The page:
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Baker's Dozen

Prophets, Seers & Sages: Tony Visconti's Favourite Albums
Julian Marszalek , October 31st, 2012 09:01

While the veteran producer has recently been remastering T. Rex's The Slider for its 40th anniversary re-release, he found time to pick out 13 of his top records for us

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Bob Dylan – Blonde On Blonde
I never really like Bob Dylan The Folk Singer. I realised that university students thought he was saying amazing things and ‘Blowin’ In The Wind’ was an iconic song but I didn’t like that period of Bob Dylan. But when he got that electric band going I was not one of the ones who said "Judas!" I was one of the ones going "it’s about fucking time!" He was great! It’s been proven down the decades that he’s pretty much a great rock and roller too. And a very evocative voice.

What I loved about Blonde On Blonde was that it was definitely seat-of-your-pants recording. He didn’t like to rehearse and he didn’t like to do more than one or two takes. And he was very smart, or his producer was very smart, because [he had] top session men who could just read the chord sheet or just remember a five-minute talk-through and then play it like they knew it all their lives.

Having said that, if you listen to Blonde On Blonde closely, there are hundreds of mistakes. If it was recorded nowadays and they used Pro Tools and fixed all that then it would sound like a crap album. Those mistakes are so charming and I love it that an artist has the courage to keep all those quirky things in, because that’s just 1000% personality. If you start removing those things and you start fixing them then you’re making the record more and more bland. Who are you doing it for? The fans certainly love all those little effects and they love every little squeak and messy thing; they love it! That’s just as important as the lyrics and the music. That’s what Blonde On Blonde taught me.

At the time, I had a wife who was a complete Dylan nut. She was a very articulate and very wordy person and I couldn’t understand half of the metaphors on the songs and she spelled it all out to me: "here’s what these songs mean." And I loved her for that. And after that I really started listening to Bob Dylan The Poet. He really stood up for me and he did a far more minimal album after that. If you’d have given me 14 albums to choose, I’d have also added John Wesley Harding which was bass, drums and Dylan playing an acoustic, nylon string guitar with a plectrum and he tooted harmonica every now and then. But the lyrics on that! Oh! Hendrix took about three songs off that album and made them his own. But what a great batch of songs and what a great batch of lyrics came off of that album too, and I think Blonde On Blonde was encouraging and the beginning of the Bob Dylan that I eventually learned to love.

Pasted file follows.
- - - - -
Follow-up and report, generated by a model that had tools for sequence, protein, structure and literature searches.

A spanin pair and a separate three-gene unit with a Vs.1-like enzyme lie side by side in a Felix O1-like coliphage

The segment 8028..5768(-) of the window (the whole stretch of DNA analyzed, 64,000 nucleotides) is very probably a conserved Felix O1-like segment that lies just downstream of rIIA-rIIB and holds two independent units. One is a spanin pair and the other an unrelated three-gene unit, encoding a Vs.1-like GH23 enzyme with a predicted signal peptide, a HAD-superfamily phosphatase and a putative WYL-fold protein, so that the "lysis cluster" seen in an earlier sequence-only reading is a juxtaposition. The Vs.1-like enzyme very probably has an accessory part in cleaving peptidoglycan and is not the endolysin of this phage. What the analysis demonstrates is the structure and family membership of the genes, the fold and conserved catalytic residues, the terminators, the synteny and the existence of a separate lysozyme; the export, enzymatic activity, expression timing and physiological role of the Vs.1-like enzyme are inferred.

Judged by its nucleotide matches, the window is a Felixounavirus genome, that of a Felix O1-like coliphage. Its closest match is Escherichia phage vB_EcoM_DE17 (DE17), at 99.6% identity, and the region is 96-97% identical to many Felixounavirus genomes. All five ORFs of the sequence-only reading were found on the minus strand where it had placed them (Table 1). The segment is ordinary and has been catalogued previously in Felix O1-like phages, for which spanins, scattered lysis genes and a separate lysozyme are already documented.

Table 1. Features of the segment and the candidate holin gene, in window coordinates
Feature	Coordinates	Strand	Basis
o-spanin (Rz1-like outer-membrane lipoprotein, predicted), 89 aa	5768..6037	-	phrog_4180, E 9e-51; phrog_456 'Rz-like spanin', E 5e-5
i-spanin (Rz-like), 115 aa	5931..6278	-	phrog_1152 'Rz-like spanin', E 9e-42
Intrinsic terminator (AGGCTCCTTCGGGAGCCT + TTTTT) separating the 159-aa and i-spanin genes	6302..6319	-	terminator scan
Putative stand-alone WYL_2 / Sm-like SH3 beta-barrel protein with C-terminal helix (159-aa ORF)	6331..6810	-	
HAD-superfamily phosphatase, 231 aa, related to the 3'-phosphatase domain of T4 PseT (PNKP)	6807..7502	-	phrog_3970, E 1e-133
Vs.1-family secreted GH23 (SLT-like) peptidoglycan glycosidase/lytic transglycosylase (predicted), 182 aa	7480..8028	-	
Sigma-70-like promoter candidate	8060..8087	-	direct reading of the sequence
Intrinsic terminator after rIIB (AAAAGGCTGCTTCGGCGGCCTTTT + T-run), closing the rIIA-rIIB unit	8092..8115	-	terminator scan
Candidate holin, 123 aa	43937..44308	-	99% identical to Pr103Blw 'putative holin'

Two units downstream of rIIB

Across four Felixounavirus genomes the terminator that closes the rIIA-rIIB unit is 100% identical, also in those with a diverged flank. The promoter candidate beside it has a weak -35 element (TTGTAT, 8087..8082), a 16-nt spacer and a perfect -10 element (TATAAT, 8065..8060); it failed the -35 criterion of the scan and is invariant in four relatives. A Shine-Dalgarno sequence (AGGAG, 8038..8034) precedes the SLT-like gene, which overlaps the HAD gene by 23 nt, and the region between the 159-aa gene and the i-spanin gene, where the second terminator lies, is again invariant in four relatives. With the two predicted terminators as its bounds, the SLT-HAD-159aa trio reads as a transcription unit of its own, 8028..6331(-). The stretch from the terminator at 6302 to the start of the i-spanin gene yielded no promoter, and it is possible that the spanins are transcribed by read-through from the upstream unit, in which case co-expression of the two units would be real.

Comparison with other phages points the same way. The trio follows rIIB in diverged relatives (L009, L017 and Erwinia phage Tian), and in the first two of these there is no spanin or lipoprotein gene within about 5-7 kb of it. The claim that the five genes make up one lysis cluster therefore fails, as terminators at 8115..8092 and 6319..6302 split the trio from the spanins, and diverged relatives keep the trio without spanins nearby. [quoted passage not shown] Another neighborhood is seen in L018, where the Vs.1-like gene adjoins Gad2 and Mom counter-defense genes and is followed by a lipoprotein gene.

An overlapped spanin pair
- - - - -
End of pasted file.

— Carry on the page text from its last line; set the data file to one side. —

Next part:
What I learned from Blonde On Blonde and similar albums I carried over into the T. Rex days and all my David Bowie albums. Because I remember Marc hated to do too many takes on one song. If we went over five or six takes he felt that the song was too clever and that it didn’t belong on the album or that it was overdone. The band would say "oh, I’m just learning the song" and Marc would say "no, it’s got the vibe!" I would take Marc aside and I would say to him "you’re absolutely right – it’s got the vibe which is more important than getting every note perfect." A lot of T-Rex fans love the fact that those albums sound very live, like everyone was having a load of fun in the studio. There were a lot of emotions. Marc was having tons of fun jumping up and down and playing like he was onstage, but there was loads of anxiety and tension that was beneficial to that sound.

I’ve often discussed this with David Bowie and he loved that sound too. He never overdoes anything. Back in the day he would get good musicians and I worked with him we would wait for mistakes to happen. We would say, ‘That’s wonderful! That’s perfect!’ and we’d keep it in unless it was an obvious and terrible mistake like the wrong two chord changes then we’d do another take.

But that’s what I got from Blonde On Blonde and I certainly used that on my Bowie and T. Rex albums. Maybe that’s what Eno took from it [with his Oblique Strategies]. Mistakes are the most precious things in art. You can’t tell me that a painter’s every stroke is perfect. If it was perfect then you’d be a graphic artist. I work with artists who have great swagger and Eno’s got great swagger too. He lives for his accidents as well. You have to practice and you have to know your instrument but in the studio you have to get into the frame of mind that you’re going to lay something down that’s eternal and you have to be prepared to accept your mistakes. It reveals something inside of you that haven’t planned and something spontaneous and something very, very Zen. A lot of people of my generation – back in the day – we were really into that aspect of making records.


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